As Christians, we must ask ourselves if we are giving God our best effort. Is our contribution to the Lord the best that it can be? Our goal is not to achieve perfection, but rather to honour our Master to the best of our ability. Are we prioritizing the Lord in our lives, or are we giving Him our leftovers, as Cain did? As believers, we must remember that we are first and foremost responsible to God.
2 – The giver and the offering are inextricably linked.
Read Genesis 4:4b-5
Not only did God accept Abel’s offering, but He also accepted Abel who made the offering. Abel’s way of life was far more important than the gift he presented to the Lord. There is more to our offering than just what we offer. God accepts our gift based on our heartfelt intentions.
Read Malachi 3:8
The importance of giving cannot be overstated. God holds tithing in high regard. Our offerings and our heartfelt intentions are visible to Him. We should give cheerfully to the Lord in thanksgiving for His many blessings in our lives. As stated in the above passage, we rob God when we withhold our tithes. However, we should not feel pressured or intimidated to give. We don’t have to tithe. It is our privilege to tithe. It is more important to live a life of devotion to Christ than to perform acts of worship. The basis of our giving must come from a life of worship characterized by love, integrity, holiness, and obedience to the Scriptures.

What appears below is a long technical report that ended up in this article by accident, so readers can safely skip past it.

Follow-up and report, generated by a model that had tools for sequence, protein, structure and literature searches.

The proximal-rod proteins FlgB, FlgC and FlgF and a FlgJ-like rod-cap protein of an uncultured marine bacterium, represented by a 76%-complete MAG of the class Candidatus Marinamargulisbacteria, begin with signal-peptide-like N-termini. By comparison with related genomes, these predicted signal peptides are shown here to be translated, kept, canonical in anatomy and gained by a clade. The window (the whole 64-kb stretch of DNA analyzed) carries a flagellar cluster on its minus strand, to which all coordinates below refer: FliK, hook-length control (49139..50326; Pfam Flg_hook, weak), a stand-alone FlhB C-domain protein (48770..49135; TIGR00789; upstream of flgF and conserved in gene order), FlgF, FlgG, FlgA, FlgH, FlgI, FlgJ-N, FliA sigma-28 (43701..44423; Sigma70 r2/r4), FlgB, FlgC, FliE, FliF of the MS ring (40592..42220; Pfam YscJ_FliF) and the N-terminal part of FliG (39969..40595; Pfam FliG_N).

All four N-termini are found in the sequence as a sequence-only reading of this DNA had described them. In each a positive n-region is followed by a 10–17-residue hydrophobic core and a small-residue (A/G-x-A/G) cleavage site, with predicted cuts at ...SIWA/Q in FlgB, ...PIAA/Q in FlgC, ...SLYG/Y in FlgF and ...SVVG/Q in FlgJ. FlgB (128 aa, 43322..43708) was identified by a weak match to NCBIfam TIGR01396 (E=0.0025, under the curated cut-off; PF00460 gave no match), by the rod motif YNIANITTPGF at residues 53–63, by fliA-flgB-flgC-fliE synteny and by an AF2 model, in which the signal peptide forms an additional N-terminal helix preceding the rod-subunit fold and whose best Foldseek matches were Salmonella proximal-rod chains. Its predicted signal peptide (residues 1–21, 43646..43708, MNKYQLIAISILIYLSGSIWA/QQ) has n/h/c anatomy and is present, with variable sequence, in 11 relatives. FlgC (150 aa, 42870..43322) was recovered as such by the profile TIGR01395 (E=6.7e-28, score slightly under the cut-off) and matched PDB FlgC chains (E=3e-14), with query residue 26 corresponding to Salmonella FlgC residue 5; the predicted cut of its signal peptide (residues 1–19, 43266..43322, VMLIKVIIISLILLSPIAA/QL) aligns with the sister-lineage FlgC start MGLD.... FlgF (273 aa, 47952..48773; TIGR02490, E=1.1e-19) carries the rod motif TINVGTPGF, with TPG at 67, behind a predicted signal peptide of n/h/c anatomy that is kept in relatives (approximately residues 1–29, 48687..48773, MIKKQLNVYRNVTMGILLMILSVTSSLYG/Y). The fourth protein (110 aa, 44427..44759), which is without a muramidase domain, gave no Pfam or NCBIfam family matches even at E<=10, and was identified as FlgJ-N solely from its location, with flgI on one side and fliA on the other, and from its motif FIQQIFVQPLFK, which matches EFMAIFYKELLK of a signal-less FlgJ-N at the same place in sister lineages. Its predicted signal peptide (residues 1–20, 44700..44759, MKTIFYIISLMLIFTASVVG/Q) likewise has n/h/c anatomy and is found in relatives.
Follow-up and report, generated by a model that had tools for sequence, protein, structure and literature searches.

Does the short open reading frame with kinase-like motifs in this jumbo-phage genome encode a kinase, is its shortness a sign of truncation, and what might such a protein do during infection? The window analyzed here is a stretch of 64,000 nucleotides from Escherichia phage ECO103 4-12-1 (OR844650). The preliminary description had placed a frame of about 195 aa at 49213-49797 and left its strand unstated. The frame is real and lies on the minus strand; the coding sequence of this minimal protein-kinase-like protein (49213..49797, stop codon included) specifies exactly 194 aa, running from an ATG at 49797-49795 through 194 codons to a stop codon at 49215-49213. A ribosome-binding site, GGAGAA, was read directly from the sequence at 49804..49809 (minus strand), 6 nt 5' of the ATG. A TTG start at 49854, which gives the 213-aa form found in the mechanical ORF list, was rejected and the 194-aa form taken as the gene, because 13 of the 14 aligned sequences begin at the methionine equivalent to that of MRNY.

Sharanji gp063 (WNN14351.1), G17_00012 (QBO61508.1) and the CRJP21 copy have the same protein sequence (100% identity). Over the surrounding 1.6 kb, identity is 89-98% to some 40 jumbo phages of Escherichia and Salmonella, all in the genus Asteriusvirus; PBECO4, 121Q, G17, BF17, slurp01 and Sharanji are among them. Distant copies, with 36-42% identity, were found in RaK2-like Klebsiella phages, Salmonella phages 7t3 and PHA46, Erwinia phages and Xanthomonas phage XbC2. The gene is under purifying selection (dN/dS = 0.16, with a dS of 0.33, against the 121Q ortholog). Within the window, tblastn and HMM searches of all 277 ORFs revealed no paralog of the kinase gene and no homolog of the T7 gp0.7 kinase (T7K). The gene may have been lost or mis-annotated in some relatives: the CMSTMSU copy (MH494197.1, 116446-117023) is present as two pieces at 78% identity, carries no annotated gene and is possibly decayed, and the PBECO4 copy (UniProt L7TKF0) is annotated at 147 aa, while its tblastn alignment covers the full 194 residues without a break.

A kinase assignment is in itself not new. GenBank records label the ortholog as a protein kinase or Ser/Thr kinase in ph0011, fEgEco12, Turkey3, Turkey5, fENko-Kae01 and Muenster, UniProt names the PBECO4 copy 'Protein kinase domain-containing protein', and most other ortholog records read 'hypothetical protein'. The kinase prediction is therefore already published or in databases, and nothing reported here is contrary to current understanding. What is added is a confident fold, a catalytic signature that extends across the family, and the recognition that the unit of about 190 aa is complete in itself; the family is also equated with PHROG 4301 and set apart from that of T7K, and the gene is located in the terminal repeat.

Read Genesis 4:5 and Matthew 23:35
As a result of God’s rejection of both Cain and his gift, Cain became very angry and felt rejected. The Lord asked Cain why he was infuriated and why he looked so sorrowful and dejected. God assured Cain that He would accept him if he obeyed Him, but if he did not, sin would befall him. In the words of the Lord, sin sought to enslave him, but he had to rule over it.